Princeton Borough Council Votes to Introduce Zoning Changes for East Nassau Neighborhood

The site of the former Olive May’s on Nassau, which is temporarily being used as a fitness center.

Property owners in the East Nassau neighborhood are a step closer to getting the zoning changes they want so that they can have banks as tenants.

In a split decision, the Princeton Borough Council voted Tuesday night to introduce an ordinance that changes the zoning in the neighborhood that is home to the former Olive May’s and West Coast video. The changes would affect about 10 businesses.

The council voted 3-2 to approve changes that would allow for banks in the zone. Council members Jo Butler, Jenny Crumiller, and Kevin Wilkes voted in favor of the ordinance. Councilman Roger Martindell and Councilwoman Barbara Trelstad voted against the ordinance introduction. The ordinance now goes to the Princeton Regional Planning Board for a review. The Council will reconsider the ordinance for adoption after that review.

Some area residents want to see more restaurants and smaller independent stores in the neighborhood, but property owners have argued that this is not realistic, and that they need a business like a bank to anchor a development like the former Olive May’s site. TD Bank has expressed interest in opening a branch at the former Olive May’s site.

Robert Bratman, the owner of 259 Nassau Street, home to the former West Coast Video, argued that the market should determine what kind of business goes into a building, and that zoning requirements should be more realistic in Princeton.

“Two buildings on Nassau have been vacant for the past 6 or 7 years, They were furniture stores, a Wawa, a video store, drug stores, Davidsons, Wild Oats… For the council to sit here and talk about limiting the uses when clearly the economy is struggling — we are going to continue have empty, vacant buildings,” Bratman said.  “Banks are great, because 7 or 8 restaurants use the parking lot. With a bank, at least at night, people will still be able to go to a restaurant and park in the lot at night.”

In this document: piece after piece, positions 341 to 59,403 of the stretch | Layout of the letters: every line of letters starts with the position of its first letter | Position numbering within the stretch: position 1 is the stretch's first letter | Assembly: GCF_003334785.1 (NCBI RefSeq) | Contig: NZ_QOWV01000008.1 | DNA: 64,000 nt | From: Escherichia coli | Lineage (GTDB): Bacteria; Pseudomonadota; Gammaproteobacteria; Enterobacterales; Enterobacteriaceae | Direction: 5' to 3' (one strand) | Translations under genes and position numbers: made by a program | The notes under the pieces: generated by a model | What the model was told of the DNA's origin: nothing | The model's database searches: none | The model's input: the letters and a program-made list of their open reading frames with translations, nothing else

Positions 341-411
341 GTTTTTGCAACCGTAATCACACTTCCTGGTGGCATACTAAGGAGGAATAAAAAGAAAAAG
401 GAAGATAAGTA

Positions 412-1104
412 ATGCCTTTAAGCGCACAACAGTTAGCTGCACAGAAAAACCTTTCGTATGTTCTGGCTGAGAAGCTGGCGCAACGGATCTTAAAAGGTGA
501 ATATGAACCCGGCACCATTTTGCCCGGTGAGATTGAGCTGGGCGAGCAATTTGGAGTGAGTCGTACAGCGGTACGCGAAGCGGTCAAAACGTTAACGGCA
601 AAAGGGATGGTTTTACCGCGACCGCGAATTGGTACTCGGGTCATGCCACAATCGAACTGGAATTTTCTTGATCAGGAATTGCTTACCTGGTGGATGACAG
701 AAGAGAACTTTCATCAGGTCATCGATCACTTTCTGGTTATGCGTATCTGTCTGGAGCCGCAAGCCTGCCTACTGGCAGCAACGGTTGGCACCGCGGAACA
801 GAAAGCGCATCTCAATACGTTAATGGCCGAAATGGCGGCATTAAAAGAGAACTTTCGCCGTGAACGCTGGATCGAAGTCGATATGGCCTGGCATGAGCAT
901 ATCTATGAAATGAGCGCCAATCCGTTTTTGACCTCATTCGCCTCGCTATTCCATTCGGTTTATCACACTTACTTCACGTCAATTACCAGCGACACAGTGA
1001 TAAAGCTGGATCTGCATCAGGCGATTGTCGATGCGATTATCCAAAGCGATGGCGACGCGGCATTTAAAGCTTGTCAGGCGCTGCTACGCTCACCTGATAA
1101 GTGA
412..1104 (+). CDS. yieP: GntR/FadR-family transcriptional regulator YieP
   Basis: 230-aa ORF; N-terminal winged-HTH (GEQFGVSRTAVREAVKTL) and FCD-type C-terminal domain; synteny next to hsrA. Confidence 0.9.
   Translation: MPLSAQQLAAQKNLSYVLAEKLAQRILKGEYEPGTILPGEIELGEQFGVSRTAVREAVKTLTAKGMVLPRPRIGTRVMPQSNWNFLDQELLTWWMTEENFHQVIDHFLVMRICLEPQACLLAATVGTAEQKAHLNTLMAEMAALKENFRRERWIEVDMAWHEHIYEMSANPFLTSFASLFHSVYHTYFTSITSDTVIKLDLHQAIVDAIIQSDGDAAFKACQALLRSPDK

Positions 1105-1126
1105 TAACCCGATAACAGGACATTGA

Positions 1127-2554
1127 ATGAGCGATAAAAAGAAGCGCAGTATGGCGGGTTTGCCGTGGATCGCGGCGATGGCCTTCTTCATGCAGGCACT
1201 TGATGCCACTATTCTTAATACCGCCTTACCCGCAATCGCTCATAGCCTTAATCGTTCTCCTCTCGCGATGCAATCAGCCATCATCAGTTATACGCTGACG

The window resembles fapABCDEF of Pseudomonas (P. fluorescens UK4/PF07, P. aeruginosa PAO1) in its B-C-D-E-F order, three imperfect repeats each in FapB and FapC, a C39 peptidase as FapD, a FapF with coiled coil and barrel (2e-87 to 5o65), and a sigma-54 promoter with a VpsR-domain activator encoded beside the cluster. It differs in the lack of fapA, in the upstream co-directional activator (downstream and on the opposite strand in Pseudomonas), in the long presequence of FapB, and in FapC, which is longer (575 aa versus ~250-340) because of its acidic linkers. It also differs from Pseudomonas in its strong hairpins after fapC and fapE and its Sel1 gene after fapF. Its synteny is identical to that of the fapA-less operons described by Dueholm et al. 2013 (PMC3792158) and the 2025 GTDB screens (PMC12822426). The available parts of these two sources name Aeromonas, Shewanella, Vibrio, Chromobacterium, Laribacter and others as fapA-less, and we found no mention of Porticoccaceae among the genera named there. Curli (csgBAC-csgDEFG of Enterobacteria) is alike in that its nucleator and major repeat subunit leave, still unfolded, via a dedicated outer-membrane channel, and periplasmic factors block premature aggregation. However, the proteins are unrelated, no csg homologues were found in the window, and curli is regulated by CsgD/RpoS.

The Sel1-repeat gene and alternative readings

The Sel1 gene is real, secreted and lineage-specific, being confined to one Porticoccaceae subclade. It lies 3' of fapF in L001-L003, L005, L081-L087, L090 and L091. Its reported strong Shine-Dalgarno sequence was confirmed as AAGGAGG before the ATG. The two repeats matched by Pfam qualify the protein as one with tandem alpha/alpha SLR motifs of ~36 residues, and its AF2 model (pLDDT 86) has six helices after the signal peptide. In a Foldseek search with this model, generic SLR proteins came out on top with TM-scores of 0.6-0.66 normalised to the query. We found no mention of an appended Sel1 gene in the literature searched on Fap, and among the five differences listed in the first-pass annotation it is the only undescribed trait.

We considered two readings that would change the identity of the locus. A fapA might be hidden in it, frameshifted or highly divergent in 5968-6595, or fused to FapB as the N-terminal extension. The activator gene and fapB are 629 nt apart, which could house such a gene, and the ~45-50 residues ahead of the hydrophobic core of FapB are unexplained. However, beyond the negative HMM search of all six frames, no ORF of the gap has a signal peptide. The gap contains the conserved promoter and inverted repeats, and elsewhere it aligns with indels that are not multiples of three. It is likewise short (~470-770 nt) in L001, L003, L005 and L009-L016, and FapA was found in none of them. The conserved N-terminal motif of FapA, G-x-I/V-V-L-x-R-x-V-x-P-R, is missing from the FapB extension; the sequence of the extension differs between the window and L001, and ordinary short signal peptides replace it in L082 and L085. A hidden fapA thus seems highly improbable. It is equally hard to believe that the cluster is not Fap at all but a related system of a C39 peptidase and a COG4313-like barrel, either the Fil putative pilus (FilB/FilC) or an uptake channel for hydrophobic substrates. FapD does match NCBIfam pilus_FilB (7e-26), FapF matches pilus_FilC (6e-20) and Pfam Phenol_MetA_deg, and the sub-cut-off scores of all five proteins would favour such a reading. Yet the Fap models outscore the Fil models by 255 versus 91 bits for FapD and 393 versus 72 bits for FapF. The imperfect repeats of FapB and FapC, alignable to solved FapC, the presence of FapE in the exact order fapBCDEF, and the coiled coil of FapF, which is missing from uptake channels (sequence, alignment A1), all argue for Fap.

Members of the Carnevale family, which owns the former Olive May’s site, said they want to work with the community and are trying to compromise.

“As you probably know, Lou came as immigrant with nothing. He  worked hard, he loves princeton, and we’ve been good citizens,” Elizabeth Carnevale said. “Now we have a building and we can’t rent it. We’ve tried and tried. The only viable candidate is a bank. We pay taxes of almost $80,000 a year and it is killing us. This has been going on way too long. It’s time you do the right thing.”

But Marty Schneiderman, a Murray Place resident, said people in the neighborhood and beyond don’t want more banks and real estate office in town and would rather see retail businesses along Nassau Street that are active at night. “There are so many banks,” he said. “We think there is a sufficient number int he area.”

Jeffrey Albert, owner of 253 Nassau where Prudential is located, warned the Borough Council not to be too restrictive regarding the zoning though.

“I would seriously caution the Council against restricting these areas into complete inutility,” he said. “The zoning is being put in place for a long period, but no one can safely imagine what could be there in four, eight, ten or 15 years. There is a common notion that a real estate office is of no value to the community, but that could not be further from the truth.”

Albert said real estate agents patronize local restaurants on a daily basis and agents work in the offices evenings.

“Princeton is changing a lot. It is becoming a small city,” Lou Carnevale said, noting recent and planned residential, commercial and Princeton University developments.

“Various areas are constantly changing and improving. The only place that has remained dormant is East Nassau,” he said. “The zoning is so restrictive. Sure, everyone wants small little stores. But they don’t  necessarily bring diversity. They can bring the same kind of stores. You just approved a Subway store a few doors down from Hoagie Haven. That is not variety. That is conformity. I need bank to anchor the site or I can’t build and will not build. It is going to remain as it is.”

He said it is fair to limit what percentage of a development can be a bank to 50 percent or less, but questioned an element of the proposed zoning ordinance that would forbid a bank from being built within 500 feet of an existing bank.

“I’m not even sure that is legal,” he said. “You are taking the property owner’s rights away.”

Martindell and Trelstad voted against the ordinance introduction, with Trelstad saying she felt the ordinance was being rushed.

“If we’d given more time to staff, we could have come up with a better ordinance,” she said.

“I’m voting against it because I don’t think the community would be improved by such a broad expansion of financial institutions in this part of town,” Martindell said. “I’m here to protect a community and a neighborhood.”

But other officials argued long-term vacancies and empty buildings are also bad for the neighborhood.

“In reality we have two vacant properties that have failed,” Crumiller said. “It does seem to me that smaller stores are less popular.”

“This discussion has gone on for a year now,” Wilkes said. “Perfect is the enemy of good. We need to move forward.”